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Ask Amy: Adult Gamers Should Sign Out Their Kids

Dear readers: Each year, I take a short break from my column to work on other projects. I will be back next week. Today’s “best of” topic from 10 years ago is about video games.

Dear Amy: My husband and my father are both video game players. A new version of their favorite game has just been released, and I learned that it was rated M-Mature by the Entertainment Software Rating Board.

Both men think it is perfectly acceptable for our 6 and 4 year old boys to watch and play this game. I equate an M rating to the equivalent of watching an R rated movie and insist that boys cannot watch or play this game.

They argue that kids have played previous versions that were also rated M (unbeknownst to me), so no harm done. I am accused of controlling.

The kids are also mad at me for pulling the plug. Am I overreacting? Should I allow limited play?

Amy says: Did your husband and father start their recreational lives as young children playing violent video games intended for adults? I suppose not.

I guess when they were kids, they exercised their imaginations and their bodies the old-fashioned way – in the backyard, on the ball diamond, or in the park. Don’t they want the same for these children?

I completely agree with you. Your children are far too young to play (or watch others play) these games.

It would be great if your kids had a dad and grandpa who cared enough about them to get off the couch and take them outside for some truly interactive play. The number of letters I get from parents of teenagers and young adults (mostly men, frankly) angsting over the hours, money, and effort spent on video games would persuade any parent to delay this activity – or at least to make sure she was old – appropriate.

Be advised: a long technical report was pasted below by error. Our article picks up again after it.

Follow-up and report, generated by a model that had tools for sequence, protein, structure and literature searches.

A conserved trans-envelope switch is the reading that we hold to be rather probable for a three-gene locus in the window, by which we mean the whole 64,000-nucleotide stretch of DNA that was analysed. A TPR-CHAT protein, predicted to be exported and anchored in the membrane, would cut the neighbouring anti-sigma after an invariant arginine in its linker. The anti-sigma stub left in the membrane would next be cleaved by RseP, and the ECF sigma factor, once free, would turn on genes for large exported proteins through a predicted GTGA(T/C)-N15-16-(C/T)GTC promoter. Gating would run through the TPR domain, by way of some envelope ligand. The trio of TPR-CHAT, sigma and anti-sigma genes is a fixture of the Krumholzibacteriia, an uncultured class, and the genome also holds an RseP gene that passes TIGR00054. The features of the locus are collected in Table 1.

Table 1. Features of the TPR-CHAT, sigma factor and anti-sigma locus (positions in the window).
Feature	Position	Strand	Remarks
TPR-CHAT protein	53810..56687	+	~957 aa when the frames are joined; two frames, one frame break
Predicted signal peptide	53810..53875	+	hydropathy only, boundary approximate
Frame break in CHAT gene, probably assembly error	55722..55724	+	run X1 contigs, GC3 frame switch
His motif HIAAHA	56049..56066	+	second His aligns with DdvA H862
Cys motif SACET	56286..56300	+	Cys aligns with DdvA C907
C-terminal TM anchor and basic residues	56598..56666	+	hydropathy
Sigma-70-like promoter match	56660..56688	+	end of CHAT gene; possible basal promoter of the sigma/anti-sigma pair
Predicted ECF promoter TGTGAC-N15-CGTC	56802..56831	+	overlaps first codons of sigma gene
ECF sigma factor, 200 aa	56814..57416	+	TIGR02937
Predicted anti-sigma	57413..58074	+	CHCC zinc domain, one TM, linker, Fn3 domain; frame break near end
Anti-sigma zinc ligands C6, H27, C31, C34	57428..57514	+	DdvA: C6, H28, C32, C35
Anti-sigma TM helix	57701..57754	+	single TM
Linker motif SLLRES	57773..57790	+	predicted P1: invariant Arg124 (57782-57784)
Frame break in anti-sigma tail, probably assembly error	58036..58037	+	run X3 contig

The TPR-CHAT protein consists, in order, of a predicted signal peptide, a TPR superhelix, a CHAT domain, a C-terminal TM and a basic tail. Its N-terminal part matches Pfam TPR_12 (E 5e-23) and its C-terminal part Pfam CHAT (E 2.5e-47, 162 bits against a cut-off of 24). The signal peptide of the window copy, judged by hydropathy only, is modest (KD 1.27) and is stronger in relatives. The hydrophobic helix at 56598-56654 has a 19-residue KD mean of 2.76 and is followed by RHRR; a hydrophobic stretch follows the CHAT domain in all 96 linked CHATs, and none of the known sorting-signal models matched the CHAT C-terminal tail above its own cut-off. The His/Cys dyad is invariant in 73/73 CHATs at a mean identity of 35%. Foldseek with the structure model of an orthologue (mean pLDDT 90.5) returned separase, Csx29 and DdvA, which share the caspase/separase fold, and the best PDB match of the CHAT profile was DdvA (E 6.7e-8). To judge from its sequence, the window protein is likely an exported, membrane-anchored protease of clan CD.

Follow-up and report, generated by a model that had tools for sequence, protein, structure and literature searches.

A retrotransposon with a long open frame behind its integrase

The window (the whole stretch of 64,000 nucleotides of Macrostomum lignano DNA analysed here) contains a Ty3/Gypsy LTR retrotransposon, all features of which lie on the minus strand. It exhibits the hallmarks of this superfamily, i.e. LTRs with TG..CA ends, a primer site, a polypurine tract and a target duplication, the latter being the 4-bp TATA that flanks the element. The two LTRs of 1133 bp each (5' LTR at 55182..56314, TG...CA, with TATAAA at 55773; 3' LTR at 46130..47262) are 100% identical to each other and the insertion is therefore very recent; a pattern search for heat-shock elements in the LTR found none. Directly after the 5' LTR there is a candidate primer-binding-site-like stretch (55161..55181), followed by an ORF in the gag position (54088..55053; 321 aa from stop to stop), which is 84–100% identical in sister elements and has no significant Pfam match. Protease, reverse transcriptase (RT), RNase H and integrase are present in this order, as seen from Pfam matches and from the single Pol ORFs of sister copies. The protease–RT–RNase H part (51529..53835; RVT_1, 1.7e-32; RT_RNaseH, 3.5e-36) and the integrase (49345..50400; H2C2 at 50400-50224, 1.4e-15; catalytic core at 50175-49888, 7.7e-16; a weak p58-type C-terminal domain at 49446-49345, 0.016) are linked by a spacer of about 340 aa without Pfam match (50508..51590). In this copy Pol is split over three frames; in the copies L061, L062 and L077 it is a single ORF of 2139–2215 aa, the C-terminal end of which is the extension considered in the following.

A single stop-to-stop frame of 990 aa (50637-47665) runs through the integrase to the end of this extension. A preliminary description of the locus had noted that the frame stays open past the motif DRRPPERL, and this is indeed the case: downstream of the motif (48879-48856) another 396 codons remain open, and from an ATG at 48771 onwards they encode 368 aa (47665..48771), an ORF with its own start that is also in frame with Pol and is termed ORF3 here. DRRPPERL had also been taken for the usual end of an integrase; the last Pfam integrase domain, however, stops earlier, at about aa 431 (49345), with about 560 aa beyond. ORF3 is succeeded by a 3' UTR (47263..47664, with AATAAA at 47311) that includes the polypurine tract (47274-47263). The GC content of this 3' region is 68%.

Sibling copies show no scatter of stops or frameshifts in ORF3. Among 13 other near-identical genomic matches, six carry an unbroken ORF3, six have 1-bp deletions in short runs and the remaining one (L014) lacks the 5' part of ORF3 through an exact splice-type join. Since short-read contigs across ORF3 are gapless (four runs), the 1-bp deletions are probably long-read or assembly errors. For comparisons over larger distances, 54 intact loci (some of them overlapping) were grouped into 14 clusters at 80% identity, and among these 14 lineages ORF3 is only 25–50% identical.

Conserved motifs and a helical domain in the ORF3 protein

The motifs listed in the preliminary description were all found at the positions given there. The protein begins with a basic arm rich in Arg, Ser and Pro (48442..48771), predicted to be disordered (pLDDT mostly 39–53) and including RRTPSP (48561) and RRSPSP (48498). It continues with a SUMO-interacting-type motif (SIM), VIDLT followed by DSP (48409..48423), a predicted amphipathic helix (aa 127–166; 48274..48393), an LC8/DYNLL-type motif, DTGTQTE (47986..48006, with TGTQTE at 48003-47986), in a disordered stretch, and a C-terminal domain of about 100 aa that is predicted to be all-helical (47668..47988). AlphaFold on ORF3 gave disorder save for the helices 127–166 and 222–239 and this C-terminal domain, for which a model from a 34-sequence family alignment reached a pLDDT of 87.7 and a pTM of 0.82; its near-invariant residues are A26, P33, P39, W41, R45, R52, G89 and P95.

These adults, who essentially co-opt children to fight with you, also provide an example of adolescent play. The kids should be left out of this entirely while the adults take care of things.

For more information on the Entertainment Software Rating Board’s rating system (including helpful tips on how families can discuss this important issue), see ESRB.org. The site includes information on how to install parental controls on various branded game systems.

It looks like you can also use “grandparent” controls. (June 2012)

Set limits

Dear Amy: My husband and I are both gamers. We’ve always had a rule that kids can’t watch or play M-rated games. We believe that if we let them break this rule, it sets a precedent for breaking others.

We limit our time playing these games and wait until they are asleep or close the door to the room. The kids’ computer is in another part of the house in a high-traffic area to keep them away from sites they need to avoid.

Because breaking the rules means losing IT privileges, they are motivated to behave.

Our children are now teenagers and have been using the computer since they were 3 years old. They complained that we kept them out of the social loop, but we stuck to our guns and they always found alternative games to play. We even found several games that the whole family finds fun to play.

Amy says: You have the courage to say “no” to something and stick with it. Good for you! You win. (June 2012)

Send your questions to Amy Dickinson at [email protected]


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